Yesterday was Day 1 of my cycle.
It is the scariest day of every month for me. Recently day 1 hasn’t brought me to my knees but last night was like all of the quiet Day 1’s got together to attack at once, and dropped to the floor I was! Before bed the pain was rising and I took my cocktail of pain meds to ebb the feeling, I then attempted to go to sleep. I must have for a short time but was abruptly woken up by the pain.
I will try to describe this to you.
It is like a tiny vicious man is inside with the sharpest knife and is slowly dragging it down my insides. It takes your breath away. The knife feels so close to the surface that you long it will go all the way through the skin so you can reach and and thrust it and the tiny man across the room. Last night the knife started around my belly button and dragged down to the bottom of my pelvis. I writhed and decided to try to sleep, or wriggle in the spare room. No one needs to be woken up repeatedly by their wife once a month. I then spent the next 4 hours crawling back and forth to the bathroom and bed, sporadically taking time to lay on the cool of the bathroom floor. I thought I might vomit at times as this is not an uncommon side affect from the pain. Honestly it’s a shocking thing to see. The blood, the sounds of pain and discomfort, the nakedness of it all…and that’s just what you can see.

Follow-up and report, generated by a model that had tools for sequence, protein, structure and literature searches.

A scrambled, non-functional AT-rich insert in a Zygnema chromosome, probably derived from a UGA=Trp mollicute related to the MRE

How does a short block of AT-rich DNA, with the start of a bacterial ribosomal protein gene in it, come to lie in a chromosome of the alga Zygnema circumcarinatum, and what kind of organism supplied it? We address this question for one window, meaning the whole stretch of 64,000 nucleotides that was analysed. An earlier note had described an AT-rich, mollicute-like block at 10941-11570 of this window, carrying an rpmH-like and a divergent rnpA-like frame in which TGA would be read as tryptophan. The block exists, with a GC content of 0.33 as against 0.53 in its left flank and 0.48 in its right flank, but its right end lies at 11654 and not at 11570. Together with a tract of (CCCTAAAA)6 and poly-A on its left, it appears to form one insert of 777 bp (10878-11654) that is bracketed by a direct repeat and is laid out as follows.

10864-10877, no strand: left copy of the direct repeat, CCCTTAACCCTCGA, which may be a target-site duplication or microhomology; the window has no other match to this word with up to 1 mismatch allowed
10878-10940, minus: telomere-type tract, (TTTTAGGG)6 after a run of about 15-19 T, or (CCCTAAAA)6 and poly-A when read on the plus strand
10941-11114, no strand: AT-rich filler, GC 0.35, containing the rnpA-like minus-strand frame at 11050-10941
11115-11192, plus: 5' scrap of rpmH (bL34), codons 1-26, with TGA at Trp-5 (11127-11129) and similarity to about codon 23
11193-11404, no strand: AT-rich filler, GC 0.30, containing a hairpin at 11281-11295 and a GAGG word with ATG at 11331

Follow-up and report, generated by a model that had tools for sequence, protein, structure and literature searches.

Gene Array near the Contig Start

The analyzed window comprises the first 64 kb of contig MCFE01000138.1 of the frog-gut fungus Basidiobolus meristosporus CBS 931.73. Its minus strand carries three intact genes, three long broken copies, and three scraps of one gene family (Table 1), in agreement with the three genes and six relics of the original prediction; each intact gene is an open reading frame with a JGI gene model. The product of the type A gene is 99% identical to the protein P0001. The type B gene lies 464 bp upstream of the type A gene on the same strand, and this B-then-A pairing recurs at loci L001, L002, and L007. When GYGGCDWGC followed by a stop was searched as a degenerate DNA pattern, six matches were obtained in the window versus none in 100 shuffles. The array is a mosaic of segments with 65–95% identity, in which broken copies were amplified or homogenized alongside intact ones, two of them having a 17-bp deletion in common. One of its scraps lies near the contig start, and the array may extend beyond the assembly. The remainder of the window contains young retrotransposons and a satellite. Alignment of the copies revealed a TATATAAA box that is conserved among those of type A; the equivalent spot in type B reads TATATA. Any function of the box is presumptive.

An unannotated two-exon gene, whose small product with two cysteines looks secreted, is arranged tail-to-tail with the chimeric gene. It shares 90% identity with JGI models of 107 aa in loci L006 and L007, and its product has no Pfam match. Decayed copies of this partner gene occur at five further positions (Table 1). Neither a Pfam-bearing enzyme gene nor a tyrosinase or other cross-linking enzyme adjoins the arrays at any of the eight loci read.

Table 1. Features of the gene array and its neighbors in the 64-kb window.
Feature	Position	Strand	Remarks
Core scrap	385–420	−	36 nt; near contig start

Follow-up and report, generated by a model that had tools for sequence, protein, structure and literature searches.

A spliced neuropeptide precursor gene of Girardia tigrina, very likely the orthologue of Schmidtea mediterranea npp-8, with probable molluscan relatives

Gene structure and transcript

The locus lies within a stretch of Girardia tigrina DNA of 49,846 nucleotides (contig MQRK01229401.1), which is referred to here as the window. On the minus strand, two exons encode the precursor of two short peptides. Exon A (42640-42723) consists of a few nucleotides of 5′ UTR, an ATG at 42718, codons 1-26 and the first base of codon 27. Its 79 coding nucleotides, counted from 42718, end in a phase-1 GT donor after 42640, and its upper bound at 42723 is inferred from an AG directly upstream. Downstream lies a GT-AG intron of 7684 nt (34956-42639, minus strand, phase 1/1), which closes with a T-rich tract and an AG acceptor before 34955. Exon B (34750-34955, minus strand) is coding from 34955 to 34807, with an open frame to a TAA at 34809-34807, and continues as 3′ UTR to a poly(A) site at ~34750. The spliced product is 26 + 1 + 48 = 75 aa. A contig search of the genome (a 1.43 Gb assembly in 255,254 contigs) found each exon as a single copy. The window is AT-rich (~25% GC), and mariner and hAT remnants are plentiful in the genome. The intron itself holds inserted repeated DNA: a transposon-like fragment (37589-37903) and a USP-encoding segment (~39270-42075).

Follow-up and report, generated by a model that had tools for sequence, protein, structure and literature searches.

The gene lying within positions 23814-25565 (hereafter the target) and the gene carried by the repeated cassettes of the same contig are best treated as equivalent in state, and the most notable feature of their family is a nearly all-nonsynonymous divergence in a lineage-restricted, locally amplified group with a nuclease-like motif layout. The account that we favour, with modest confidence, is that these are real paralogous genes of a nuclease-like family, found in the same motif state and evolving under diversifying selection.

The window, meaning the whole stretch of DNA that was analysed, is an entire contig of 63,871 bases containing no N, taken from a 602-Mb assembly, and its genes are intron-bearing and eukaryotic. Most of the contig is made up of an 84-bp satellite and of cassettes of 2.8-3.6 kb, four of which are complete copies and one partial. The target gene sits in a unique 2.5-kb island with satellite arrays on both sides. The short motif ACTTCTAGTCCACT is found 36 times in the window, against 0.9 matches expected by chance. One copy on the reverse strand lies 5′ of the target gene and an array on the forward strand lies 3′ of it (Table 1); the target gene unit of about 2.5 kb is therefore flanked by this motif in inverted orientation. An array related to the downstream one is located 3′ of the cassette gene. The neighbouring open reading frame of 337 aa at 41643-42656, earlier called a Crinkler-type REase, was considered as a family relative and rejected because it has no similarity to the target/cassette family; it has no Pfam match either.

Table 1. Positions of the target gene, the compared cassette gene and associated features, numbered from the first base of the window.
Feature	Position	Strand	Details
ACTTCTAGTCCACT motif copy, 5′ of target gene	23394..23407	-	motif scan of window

The mental scars are even more disturbing and accumulative from years of misdiagnosis and what the disease has taken.
Timing. I had all of this happen last night and today is the first day of MENTAL HEALTH AWARENESS WEEK. I have spoken about my endometriosis before but not directly to the way it has affected my mental health. I want to highlight the longterm affects of conditions and disease can have on a person’s mental health.
I was diagnoses with stage 4 endometriosis when I was 29.